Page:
Move over Steve Jobs – the Tiny Techies have arrived!
There is no denying the explosion in digital technology.
We have seen significant benefits from driver-less cars to surgeons performing operations on their patients using robotics from a different continent. Conversely, there are many parents concerned about the amount of screen time spent by their children gaming and/or on social media. As a parent to an 8-year-old and a 4-year-old, I can empathise with any parent worried about their child's screen time. Yet I also recognise that coding is revolutionising our lives.
So, what exactly is coding? Coding is a name used to describe the instructions given to a computer so that it understands. It's what makes it possible for any computer, piece of software, or app to work.
The UK Government have assessed the impact of an impending skills gap of an unskilled workforce in the wake of the ‘fourth industrial revolution’ and the future of the economy on a global stage. According to German economist and engineer Klaus Schwabb, ‘the fourth revolution is characterised by a range of new technologies that are fusing the physical, digital and biological worlds, impacting all disciplines, economies and industries.’ In response, the Government has committed to investing 2.4% of the GDP in UK research and development by 2027. The UK needs 50,000 skilled people to meet that need.
We created our business First Class Coders as we believe it is vitally important that children and young people are prepared to succeed in tomorrow's economy through an understanding and appreciation of STREAM (science, technology, robotics, engineering, arts and maths). We provide creative, unique, meaningful coding and digital literacy sessions for children typically age 3-8 years, to learn coding concepts and develop 21st century digital skills. We deliver weekly classes in the community, enrichment classes in schools and nurseries, and through private tuition.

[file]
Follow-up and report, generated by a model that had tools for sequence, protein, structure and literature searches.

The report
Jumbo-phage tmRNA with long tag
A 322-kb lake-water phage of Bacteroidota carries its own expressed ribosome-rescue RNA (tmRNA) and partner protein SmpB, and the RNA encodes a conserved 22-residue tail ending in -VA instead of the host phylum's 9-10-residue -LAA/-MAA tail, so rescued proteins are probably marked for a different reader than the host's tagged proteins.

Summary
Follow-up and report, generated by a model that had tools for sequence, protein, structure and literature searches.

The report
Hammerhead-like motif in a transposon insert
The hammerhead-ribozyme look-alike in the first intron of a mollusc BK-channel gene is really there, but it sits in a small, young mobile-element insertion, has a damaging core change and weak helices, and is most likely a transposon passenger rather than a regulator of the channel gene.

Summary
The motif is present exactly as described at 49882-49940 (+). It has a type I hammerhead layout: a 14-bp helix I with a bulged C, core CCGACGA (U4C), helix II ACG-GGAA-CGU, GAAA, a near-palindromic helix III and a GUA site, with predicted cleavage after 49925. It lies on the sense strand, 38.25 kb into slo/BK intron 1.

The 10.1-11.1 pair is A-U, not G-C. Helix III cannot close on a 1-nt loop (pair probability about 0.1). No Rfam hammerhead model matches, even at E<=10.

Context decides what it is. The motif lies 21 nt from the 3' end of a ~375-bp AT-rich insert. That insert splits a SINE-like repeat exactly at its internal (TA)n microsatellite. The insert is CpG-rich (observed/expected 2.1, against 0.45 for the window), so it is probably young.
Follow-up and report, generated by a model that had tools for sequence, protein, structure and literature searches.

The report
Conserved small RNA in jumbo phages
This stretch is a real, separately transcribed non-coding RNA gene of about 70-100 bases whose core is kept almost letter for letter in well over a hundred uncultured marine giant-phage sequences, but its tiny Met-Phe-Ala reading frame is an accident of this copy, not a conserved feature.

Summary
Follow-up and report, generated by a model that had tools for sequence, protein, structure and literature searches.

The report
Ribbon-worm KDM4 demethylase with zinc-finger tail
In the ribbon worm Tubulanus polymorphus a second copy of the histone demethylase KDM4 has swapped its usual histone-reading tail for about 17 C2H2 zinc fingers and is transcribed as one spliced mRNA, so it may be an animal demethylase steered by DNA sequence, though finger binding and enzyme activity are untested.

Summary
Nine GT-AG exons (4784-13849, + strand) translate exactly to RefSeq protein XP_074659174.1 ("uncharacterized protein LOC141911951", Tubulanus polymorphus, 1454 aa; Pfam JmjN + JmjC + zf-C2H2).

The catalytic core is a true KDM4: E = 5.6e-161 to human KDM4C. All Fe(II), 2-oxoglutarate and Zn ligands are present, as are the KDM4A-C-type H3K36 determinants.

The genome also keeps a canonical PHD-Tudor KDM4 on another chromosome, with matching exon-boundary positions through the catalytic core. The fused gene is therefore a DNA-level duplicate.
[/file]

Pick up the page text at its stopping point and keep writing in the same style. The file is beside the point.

The tech industry is predominantly white, male and has previously been very bad at welcoming people from outside that limited section of society. The shift has begun (slowly) but it is gaining momentum, as the UK government and industry realise that there is a systemic problem in attracting BAME groups and creating diversity into this field.
The barriers to entry are not dissimilar to other fields: a lack of opportunity to participate in expensive enrichment activities, either through a lack of access to costly equipment, lack of awareness of the possibilities for the future, parental desire to minimise screen time, and a lack of representative role models. But these barriers differ greatly in that there is real momentum surrounding diversity and inclusiveness in Tech. For parents, educators and those working in the community, this is an opportunity to really make an impactful change.
The only way to create products, services and information that is universally accessible and useful for its users is to ensure that those that create and make it are representative of the society it serves. The place to create a real systematic change is at grass roots levels to produce a pipeline of BAME talents that grow through an introduction to computer science, its concepts and application at an early stage.
I believe we should reduce all opportunities for our kids to just be passive consumers of technology. At First Class Coders we use a mixture of plugged and unplugged play to engage the kids in coding and the potential of tech. By doing this at an early age we aim to reduce the development of stereotypes and give them the opportunity to see technology in a different way, potentially as a real career.
Whilst they are learning to code children can also learn important academic and social skills including critical thinking, problem solving, collaboration and communication. All the kids and us grown-ups need is the imagination and enthusiasm to start on this rewarding journey.